Can’t get a NES Classic?

nes-classic-edition-box

The $59.99 30 in one NES system that Nintendo released this week is already incredibly difficult to find. Most retail locations have reported getting fewer than ten units, and most sold all ten within hours of its release. One local game store here has reported that they ordered 12, received 6 and will not be receiving any more units for the rest of this year.

The scarcity of the NES Classic Edition, and the fact that there’s sure to be ever increasing demand as the holiday season nears, has driven scalpers to jack up the prices on the systems on Craigslist and eBay (selling for $100+). Instead of paying extra for this system, however, I have another idea. How about you head down to your local video game store (mom and pop store, not GameStop) and check out their stock of used and refurbished NES systems. Sure it won’t have 30 games pre-installed, but maybe the real thing might just be more of a nostalgia rush than the simulated product. You’ll also be helping out a local business, which is always great during the holidays.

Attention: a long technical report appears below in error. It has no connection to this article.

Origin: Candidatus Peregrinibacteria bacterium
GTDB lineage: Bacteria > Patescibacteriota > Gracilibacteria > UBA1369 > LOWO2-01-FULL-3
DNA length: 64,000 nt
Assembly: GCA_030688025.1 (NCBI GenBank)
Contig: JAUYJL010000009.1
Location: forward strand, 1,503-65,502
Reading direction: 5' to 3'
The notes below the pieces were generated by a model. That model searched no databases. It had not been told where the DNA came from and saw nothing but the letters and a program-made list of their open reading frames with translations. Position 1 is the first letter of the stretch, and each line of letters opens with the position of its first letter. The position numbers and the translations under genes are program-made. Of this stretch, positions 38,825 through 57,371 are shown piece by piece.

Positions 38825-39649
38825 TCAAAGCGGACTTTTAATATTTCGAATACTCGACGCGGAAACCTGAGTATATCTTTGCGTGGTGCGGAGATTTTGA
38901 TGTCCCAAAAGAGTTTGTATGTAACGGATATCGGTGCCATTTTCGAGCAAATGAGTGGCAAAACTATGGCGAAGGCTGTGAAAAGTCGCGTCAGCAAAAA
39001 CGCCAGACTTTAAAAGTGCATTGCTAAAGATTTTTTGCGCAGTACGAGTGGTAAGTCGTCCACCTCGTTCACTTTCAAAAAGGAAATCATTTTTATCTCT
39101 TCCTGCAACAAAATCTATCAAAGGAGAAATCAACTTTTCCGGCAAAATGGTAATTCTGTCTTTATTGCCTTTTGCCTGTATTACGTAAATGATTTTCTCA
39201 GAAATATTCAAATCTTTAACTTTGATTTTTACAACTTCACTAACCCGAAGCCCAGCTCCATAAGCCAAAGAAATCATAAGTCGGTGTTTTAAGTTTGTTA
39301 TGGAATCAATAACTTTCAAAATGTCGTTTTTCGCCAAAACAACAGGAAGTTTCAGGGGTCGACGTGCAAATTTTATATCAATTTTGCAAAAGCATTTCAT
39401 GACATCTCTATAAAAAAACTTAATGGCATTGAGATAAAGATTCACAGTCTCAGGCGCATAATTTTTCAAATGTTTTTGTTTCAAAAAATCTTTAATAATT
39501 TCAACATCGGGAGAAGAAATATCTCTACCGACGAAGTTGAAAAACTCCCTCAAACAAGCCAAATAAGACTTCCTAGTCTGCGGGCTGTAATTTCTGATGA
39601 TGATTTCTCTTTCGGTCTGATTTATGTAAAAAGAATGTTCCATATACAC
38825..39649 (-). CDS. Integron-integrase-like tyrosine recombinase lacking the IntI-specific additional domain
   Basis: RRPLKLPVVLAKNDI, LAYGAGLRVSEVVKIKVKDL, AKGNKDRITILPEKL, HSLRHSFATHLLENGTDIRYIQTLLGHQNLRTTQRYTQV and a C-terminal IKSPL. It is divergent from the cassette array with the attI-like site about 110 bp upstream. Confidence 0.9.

You might end up spending a bit more for a real NES and a couple of cartridges, but I honestly think you’re better off that way. First of all, you’ll avoid being stuck with a two foot long controller cord that the Classic Edition comes with. Furthermore, you’ll be able to play many more games. The Classic Edition has no way to expand its library (except for a presumed future release for another $60 with another 30 games installed), while with the real thing you’ll be able to scope out pawn shops, flea markets and local game stores for good deals on old cartridges.

Most of the cartridges I’ve gotten recently have been between $10 and $30, but it’s much more fun actually clicking a cartridge down into the thing and firing it up for the first time (rather than simply hitting a button on a menu in the Classic Edition).

Don’t get me wrong, the Classic Edition is certainly a nifty item, and sometime down the road I might actually pick one up, but I enjoy the community of interacting with my local mom and pop game store whenever I’m looking for a new NES cartridge to add to my collection. Give it a try, you might too!

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